In my last post, I was a lonely outlier when I argued that we had nothing to lose by giving Boris Johnson a chance to see what he can deliver. I did so in full knowledge of his record and reputation. I am unrepentant. At least equally irritating as Boris is the solipsism that assumes Northern Ireland is centre of world attention and reduces outsiders like the prime minister to bit players in what Churchill called “the fearful integrity” of our quarrels. Moreover this standoff is different. Unlike all the others from 1998, it was wished on from outside. Most of the solution will have to come from outside too. For good or ill, Johnson has unique power and responsibility. While many may dream otherwise, he’s the only prime minister of the only government we’ve got. So there are good reasons for taking the gamble of investing in him while carefully monitoring his progress and accepting the risks.
In reaction to Liz Truss ‘s double barrelled statement calling for fresh negotiations with a backstop (that word again) threatening UK unilateral action just in case, the EU hit back hard, escalating their threat of reprisal to include the whole Brexit deal. This reflects the asymmetrical balance of power that so galls Brexiteers
So the big question for today is this : does BJ he really want a trade war with the EU?
Quite apart from the headwinds of Covid and now the Ukraine war, the independent Office of Budget Responsibility finds that Brexit has so far failed to deliver better alternatives to the EU relationship, Nor is it creating freedom from constraints that jolt Britain into greater prosperity.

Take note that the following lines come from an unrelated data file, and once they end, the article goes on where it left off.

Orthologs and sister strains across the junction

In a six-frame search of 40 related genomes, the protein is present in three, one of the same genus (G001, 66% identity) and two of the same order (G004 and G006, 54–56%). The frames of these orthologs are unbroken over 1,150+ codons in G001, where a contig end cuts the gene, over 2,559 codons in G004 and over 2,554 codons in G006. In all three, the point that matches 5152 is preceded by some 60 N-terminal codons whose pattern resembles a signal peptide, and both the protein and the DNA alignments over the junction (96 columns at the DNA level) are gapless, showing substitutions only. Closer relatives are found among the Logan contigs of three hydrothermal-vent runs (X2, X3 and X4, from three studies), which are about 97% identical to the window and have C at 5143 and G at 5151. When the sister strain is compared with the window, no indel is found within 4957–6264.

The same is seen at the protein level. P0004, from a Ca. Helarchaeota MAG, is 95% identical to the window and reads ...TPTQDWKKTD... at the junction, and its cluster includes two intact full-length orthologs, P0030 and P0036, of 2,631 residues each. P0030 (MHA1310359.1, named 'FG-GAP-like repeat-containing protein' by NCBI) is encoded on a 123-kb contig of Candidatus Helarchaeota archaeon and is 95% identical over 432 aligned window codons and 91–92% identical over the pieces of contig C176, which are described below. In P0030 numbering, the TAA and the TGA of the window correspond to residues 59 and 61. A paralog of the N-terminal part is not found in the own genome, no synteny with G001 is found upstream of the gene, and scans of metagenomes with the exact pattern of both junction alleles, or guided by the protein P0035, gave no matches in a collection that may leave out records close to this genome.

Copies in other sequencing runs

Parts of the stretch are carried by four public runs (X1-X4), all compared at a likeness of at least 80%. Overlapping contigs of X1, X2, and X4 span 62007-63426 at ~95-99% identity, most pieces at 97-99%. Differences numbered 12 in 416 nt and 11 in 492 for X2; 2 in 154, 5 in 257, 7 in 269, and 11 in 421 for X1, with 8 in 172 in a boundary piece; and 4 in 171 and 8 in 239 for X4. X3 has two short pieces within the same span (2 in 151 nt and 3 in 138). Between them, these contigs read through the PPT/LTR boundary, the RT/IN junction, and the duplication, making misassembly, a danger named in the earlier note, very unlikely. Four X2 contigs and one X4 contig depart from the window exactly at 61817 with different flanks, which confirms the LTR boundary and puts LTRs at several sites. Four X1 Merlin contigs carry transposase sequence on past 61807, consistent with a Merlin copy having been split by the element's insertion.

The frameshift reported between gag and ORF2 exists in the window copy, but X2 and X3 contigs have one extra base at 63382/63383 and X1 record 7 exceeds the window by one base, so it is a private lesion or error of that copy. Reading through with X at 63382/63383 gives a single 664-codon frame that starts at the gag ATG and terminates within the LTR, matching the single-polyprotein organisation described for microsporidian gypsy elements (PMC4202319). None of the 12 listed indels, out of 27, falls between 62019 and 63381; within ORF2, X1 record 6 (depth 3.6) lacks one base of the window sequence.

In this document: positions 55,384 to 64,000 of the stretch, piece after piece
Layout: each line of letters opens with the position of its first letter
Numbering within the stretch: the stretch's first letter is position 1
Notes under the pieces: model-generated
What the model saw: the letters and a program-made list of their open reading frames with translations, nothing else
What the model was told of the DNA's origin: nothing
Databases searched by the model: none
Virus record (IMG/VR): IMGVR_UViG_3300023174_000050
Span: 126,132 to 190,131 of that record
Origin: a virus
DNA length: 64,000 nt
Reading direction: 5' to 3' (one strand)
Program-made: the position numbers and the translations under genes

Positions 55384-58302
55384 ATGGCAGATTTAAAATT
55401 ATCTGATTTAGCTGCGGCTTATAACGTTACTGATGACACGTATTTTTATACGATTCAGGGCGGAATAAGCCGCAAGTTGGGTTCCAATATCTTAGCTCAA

To assess the UK’s economic performance in the fallout of Brexit, Investment Monitor examined the period following the EU referendum in the second quarter of 2016. Based on figures from the OECD, UK GDP grew by 14.3% between Q2 2016 and Q3 2021. This is a smaller growth rate than four of the EU’s largest economies. During the same period, Germany had the highest indexed growth rate at 32.2%, followed by Spain (25.6%), France (23%) and Italy (16.3%).
The UK-based Office for Budget Responsibility (OBR) states that the long-term impact of Brexit will be worse for the UK economy than Covid-19. The OBR estimates that Brexit will reduce the UK’s potential GDP by 4% and the pandemic by a further 2%.
According to estimates from the Office of National Statistics (ONS), the UK’s GDP grew by 0.9% in November 2021. This is the first time GDP has risen above the pre-pandemic level, increasing by 0.7% compared with February 2020.
Two commentators describe how the protocol can’t be isolated from the rest of the Withdrawal Agreement. Rafael Behr in the Guardian
One reason continental leaders don’t want to talk about changes amounting to a new treaty is their certain knowledge that the Tories would be dissatisfied again soon enough. Another reason is that a revised deal would involve trusting Boris Johnson, which EU governments have done before and which no one does twice.
One of Johnson’s complaints about an Irish Sea border, as expressed in an interview earlier this week, was that regulatory checks create “extra barriers to trade and burdens on business.” That generates “a great deal of faff and botheration”, which increases living costs. Those barriers are uniquely upsetting to Northern Ireland unionists on the level of national identity, but the faff and botheration incur costs also at Dover, Grimsby, Felixstowe; any place where goods move between Britain and the EU.
In other words, the prime minister’s economic rationale for wanting to fix the Northern Ireland protocol contains a complaint about conditions that are intrinsic to the Brexit model he chose. That is yet another reason why no one in Brussels wants to reopen the 2019 deal.